Like Job, I had a clear choice before me: either I believe that God’s character (He is good, sovereign, and holy) remains constant despite my circumstances, or I let my circumstances interpret God’s character. Given how recently shaken I was by the blindness of my perspective, I couldn’t choose the latter confidently. But how could I believe the former after what I went through?

We often make erroneous conclusions based on incomplete information. The presence of two variables may point to one conclusion, but the inclusion of a third variable can lead us to a different end. For instance, before I could see that I was being emotionally manipulated, I saw only two variables—a) I didn’t want any sexual contact with her, b) I wasn’t able to resist it. I could only logically conclude that it was my fault for not being strong enough to stand up for myself. But the third variable—c) her thorough manipulation robbed me of my authority to assert my boundaries—made me realize that she was at fault instead. What had looked like my choice to “give in” was in fact not at all autonomous consent but the result of carefully masked coercion. It explained why I was so devastated after each assault; consent does not lead to trauma.

So now, with the two pieces of information that I had—a) I was sexually assaulted, b) God allowed it to happen—I could choose to conclude that He is not good. Or…could I admit that there may be more variables here that I simply could not see, and that when all assembled together would give the situation its complete context? A context that could explain the meaning of all of this, one that would still point unequivocally to the fact that God is good? Did I have enough faith to trust His heart and take Him on His word alone, without understanding the situation completely?

I wrestled with this for months. But I chose to accept the finiteness of my human perspective compared to that of an omniscient God, one who had, in so many other areas of my life, consistently demonstrated goodness to me. Perhaps knowing why God allowed it is not what I need to survive.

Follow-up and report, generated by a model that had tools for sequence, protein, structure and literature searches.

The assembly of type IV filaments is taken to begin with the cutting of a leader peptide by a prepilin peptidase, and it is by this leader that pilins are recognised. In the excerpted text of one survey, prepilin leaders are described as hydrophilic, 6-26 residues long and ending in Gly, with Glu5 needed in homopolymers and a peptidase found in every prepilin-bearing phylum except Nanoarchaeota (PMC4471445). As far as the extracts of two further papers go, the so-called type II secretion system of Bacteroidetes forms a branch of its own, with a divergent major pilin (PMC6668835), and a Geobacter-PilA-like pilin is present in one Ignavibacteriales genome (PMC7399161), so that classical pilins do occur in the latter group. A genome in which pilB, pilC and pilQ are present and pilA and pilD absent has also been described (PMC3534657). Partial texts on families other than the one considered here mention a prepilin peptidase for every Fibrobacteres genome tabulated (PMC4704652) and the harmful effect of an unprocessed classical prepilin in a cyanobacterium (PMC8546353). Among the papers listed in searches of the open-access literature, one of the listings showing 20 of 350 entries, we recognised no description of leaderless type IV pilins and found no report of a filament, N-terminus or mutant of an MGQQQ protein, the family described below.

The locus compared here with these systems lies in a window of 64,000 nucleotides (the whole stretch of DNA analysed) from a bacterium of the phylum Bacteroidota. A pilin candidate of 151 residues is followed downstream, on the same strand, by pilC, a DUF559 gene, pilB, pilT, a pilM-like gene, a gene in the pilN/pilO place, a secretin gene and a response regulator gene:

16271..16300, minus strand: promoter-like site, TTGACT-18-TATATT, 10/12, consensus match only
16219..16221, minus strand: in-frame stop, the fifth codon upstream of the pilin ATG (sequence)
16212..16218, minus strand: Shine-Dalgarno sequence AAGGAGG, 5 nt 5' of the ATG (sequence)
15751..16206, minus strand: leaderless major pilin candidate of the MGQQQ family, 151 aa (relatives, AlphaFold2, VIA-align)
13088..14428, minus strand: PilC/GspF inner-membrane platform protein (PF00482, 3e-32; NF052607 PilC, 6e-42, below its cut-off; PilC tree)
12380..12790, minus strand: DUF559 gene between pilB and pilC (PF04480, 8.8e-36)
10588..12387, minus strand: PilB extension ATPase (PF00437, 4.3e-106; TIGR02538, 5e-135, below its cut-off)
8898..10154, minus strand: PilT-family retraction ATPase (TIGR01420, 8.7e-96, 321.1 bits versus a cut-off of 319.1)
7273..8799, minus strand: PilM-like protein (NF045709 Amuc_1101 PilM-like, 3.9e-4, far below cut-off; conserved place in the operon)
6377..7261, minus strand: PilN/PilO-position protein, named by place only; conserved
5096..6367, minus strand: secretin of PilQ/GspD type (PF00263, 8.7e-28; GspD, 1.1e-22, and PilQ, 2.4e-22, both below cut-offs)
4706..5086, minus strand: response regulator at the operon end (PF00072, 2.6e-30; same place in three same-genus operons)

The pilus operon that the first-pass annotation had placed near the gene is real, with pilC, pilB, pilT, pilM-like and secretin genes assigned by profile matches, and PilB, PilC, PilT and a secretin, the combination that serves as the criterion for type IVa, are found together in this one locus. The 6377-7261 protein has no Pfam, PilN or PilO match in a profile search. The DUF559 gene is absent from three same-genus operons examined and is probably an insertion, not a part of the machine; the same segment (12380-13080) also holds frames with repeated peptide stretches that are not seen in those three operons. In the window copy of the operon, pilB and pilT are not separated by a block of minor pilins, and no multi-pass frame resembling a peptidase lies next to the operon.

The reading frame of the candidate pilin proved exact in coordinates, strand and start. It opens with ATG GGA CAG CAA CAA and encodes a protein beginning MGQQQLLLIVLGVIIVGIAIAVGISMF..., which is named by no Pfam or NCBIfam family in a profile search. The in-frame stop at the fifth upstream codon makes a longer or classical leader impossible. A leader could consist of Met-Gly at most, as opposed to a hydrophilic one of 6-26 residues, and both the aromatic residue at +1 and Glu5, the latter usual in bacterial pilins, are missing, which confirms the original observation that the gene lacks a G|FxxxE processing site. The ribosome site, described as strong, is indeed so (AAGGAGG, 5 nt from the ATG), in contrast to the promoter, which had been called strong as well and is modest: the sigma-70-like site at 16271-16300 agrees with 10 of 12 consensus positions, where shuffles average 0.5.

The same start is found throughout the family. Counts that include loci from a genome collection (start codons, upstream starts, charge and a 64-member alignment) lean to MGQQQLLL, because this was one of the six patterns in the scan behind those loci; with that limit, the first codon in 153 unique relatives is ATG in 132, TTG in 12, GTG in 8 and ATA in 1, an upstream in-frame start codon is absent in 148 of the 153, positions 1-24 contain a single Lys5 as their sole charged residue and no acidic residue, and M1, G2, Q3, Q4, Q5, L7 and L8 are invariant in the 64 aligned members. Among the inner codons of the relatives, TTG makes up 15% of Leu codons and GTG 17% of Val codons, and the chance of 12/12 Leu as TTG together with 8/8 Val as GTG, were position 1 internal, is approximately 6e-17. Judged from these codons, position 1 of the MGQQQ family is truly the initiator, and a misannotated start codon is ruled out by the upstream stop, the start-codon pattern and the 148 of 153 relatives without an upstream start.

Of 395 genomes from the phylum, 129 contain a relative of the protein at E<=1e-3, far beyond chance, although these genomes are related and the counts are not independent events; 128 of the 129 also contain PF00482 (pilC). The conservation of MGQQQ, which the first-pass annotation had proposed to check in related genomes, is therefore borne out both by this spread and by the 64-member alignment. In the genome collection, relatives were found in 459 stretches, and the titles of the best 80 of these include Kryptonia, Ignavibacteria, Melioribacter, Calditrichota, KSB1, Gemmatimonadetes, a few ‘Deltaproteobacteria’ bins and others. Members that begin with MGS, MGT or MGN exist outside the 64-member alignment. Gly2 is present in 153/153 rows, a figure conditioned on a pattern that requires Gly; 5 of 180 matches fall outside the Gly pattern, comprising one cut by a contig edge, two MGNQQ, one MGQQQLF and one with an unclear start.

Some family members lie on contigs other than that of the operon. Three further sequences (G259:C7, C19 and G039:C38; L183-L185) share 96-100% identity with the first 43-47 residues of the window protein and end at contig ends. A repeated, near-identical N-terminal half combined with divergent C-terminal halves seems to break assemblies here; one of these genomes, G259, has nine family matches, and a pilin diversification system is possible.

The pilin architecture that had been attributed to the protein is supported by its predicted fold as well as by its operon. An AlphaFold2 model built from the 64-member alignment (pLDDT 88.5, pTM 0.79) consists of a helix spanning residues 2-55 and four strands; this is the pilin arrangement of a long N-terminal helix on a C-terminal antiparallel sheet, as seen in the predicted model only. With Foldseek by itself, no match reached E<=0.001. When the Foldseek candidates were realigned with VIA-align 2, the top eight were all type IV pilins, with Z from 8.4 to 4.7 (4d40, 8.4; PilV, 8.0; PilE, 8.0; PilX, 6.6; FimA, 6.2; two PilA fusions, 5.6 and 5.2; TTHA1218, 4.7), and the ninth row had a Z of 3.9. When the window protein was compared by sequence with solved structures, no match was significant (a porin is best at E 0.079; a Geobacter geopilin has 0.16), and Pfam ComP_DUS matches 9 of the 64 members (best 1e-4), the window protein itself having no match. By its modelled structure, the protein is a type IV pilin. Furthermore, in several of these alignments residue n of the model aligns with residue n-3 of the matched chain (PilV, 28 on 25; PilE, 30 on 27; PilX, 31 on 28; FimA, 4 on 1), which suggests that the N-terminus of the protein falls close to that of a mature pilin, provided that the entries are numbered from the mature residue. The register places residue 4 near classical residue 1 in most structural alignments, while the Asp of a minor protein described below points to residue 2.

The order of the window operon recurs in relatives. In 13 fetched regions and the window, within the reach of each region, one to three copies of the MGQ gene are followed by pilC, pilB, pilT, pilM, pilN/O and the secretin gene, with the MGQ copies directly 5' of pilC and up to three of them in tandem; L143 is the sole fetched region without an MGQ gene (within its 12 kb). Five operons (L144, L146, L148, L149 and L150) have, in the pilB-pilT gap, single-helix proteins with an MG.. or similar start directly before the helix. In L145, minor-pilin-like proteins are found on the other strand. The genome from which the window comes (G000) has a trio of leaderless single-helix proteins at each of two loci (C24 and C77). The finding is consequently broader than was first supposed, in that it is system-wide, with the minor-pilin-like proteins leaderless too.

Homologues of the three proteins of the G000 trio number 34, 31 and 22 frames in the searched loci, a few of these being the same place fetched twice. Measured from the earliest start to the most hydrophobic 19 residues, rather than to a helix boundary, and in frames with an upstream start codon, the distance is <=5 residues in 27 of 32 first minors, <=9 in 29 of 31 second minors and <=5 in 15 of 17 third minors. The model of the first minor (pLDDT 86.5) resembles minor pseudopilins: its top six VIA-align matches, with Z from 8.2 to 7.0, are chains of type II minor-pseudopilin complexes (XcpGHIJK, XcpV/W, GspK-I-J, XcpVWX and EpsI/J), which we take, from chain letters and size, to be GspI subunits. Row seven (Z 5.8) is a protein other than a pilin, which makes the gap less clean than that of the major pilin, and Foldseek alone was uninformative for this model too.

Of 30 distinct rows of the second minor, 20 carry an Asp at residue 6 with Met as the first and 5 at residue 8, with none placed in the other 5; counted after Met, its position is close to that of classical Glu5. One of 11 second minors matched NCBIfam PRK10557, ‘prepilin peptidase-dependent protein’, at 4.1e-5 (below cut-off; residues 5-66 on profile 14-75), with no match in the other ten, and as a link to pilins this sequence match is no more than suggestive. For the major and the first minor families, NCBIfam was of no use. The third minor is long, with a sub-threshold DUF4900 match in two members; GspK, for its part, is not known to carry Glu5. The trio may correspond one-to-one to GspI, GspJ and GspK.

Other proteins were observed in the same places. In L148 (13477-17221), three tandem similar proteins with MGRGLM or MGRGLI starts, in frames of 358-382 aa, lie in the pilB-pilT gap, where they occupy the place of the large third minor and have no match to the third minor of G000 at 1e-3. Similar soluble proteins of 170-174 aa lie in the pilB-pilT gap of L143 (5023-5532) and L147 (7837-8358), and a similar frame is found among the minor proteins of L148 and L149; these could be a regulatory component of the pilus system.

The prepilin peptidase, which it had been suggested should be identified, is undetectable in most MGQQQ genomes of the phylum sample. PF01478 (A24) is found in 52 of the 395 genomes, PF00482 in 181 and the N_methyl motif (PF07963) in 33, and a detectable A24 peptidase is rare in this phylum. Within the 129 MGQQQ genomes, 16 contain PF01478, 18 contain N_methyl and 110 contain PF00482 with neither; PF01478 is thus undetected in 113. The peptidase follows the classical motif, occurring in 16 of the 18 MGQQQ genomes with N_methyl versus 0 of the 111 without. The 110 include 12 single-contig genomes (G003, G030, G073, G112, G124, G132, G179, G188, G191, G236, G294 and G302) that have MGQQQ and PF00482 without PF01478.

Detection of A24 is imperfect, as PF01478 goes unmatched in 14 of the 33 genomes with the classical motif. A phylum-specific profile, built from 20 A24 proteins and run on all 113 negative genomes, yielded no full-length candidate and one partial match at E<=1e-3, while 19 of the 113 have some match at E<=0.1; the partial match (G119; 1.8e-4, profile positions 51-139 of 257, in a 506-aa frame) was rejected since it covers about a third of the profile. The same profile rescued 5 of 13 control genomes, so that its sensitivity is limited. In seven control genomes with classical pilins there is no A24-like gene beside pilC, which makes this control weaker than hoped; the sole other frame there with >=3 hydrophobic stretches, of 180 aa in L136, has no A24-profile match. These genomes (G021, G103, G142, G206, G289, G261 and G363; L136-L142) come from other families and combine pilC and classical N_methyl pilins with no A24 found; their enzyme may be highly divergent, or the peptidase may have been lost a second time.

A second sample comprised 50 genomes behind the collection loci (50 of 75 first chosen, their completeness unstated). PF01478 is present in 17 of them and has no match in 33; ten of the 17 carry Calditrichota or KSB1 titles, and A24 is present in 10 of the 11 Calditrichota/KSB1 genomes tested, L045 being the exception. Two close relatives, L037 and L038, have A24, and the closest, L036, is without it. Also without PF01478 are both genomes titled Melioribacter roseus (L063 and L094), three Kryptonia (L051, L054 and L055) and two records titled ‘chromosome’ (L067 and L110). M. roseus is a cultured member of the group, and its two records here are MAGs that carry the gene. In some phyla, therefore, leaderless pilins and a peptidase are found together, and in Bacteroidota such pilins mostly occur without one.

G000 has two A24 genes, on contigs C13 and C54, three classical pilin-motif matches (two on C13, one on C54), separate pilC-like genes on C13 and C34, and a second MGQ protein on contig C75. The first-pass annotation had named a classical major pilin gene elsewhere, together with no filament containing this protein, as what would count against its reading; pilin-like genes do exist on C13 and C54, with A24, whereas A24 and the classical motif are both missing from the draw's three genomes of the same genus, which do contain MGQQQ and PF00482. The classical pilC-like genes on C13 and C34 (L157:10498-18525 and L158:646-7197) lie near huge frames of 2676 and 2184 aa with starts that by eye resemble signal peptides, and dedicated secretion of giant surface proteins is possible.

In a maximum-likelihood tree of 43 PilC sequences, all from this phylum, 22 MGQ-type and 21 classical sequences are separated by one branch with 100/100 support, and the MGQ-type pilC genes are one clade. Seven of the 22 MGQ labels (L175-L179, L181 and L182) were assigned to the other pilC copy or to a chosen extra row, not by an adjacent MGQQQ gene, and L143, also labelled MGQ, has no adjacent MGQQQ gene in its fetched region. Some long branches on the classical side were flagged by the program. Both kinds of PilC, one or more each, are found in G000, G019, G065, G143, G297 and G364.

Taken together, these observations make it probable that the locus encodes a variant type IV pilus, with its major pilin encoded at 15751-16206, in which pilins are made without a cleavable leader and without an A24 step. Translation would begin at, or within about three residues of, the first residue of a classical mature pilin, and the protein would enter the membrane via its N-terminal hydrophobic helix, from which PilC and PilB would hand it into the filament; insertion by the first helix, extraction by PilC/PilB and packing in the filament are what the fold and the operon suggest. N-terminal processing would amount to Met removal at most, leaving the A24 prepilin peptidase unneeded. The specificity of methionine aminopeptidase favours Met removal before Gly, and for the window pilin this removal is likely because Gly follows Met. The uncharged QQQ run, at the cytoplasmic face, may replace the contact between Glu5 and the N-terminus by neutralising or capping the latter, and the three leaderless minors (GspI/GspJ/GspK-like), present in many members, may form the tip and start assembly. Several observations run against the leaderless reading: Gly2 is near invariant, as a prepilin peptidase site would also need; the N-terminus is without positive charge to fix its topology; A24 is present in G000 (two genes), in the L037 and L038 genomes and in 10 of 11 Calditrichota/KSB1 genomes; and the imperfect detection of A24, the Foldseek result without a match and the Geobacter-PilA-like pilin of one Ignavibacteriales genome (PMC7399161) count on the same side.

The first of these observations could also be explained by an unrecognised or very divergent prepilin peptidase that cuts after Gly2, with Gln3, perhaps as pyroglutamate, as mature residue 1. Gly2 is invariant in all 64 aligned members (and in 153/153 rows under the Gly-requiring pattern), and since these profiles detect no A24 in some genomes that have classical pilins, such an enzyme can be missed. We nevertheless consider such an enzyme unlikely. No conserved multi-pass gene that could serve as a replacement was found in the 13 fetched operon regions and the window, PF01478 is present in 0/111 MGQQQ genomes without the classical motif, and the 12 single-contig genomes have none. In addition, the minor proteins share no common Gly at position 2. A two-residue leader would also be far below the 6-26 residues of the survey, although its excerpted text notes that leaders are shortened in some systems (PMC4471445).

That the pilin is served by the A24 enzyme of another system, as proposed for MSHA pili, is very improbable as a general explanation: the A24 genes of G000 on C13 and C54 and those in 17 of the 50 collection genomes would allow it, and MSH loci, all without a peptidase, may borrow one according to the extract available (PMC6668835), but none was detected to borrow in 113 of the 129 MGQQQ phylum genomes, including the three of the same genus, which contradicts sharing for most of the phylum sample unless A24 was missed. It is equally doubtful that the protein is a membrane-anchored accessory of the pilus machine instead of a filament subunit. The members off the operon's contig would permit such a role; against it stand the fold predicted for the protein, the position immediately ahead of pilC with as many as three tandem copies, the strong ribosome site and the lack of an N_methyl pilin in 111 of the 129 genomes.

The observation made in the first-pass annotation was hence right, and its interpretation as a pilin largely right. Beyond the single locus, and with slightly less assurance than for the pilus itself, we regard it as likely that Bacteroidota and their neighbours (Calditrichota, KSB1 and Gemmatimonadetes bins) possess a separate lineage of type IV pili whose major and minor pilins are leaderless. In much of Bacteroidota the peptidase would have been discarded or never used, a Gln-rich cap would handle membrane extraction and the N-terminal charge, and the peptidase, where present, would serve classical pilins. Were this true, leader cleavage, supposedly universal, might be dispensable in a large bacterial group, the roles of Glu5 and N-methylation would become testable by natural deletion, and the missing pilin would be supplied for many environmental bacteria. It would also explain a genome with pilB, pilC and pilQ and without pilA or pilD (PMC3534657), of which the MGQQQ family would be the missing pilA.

In what I have needed to know, His insight has been swift and precise. I recognized that my appreciation for her initial support was not consent to the sinful way she related to me. I learned that however much a person is hurting, they have no right to violate another. I realized that relying on God to fill my needs gives me clarity to see people for who they are. I accepted the importance of being open with trusted friends because they may see what I cannot. And when she was finally fired from the church for this assault, I understood that a true Christlike response is not one that condones sin, but one that will enable the other person to be transformed.

I no longer fault my 20-something self for not being smart enough to know these things.

It has been wonderful to discover that God is capable of helping me overcome and heal from the wounds of my past. There are still difficult days, and the occasional nightmare. But learning to forgive myself has freed my heart to receive His healing, and, as the days go by, is helping me learn how to forgive her as well.

 

This article is the first of a three-part series. Forthcoming—“Surviving Sexual Assault: How I am Learning to Forgive an Abuser”, and “Surviving Sexual Assault: How I Learned to Forgive the Church”.

When God’s Promises Don’t Mean Very Much

I was standing at the precipice of a new season, nervously anticipating the last day of my salaried job and the dreaded world of freelancing that awaited me after. It wasn’t a career move that I’d chosen. But the company wasn’t doing well, so I’d been retrenched.

As I prayed and looked for another job, I encountered something familiar: all the doors to the work that I wanted were firmly closed, but the door to the sort of job I didn’t want—freelancing—was flung wide open.

In the week leading up to that last day, friends coincidentally sent me links to sermons and articles, all related to the same verse, “So do not fear, for I am with you” (Isaiah 41:10). None of them knew each other or knew about my job transition. Receiving the promise “I am with you” in several different forms happened enough times for me to know that God was trying to get through to me.

So, I sat down one evening and said to God, “I’ve got to be honest. I know being told that You are with me is supposed to be something very precious, but it doesn’t give me the comfort that I think I’m supposed to feel.”

I braced myself for what was surely going to be (at the very least) gentle chastising. What a sacrilegious thing to say, after all. But as I waited on God, a surprising question came to my mind:

When have I felt assured simply because of someone’s presence with me?

Thinking back over my experiences, I remembered two people who had a remarkably reassuring effect on me.

Mr. and Mrs. B. were teachers I had in high school when I was in New Zealand. They would often organize hikes in the New Zealand wilderness during the summer weekends. They were absolute experts, and knew all the beautiful and formidable things about the outdoors, as well as how to navigate through them.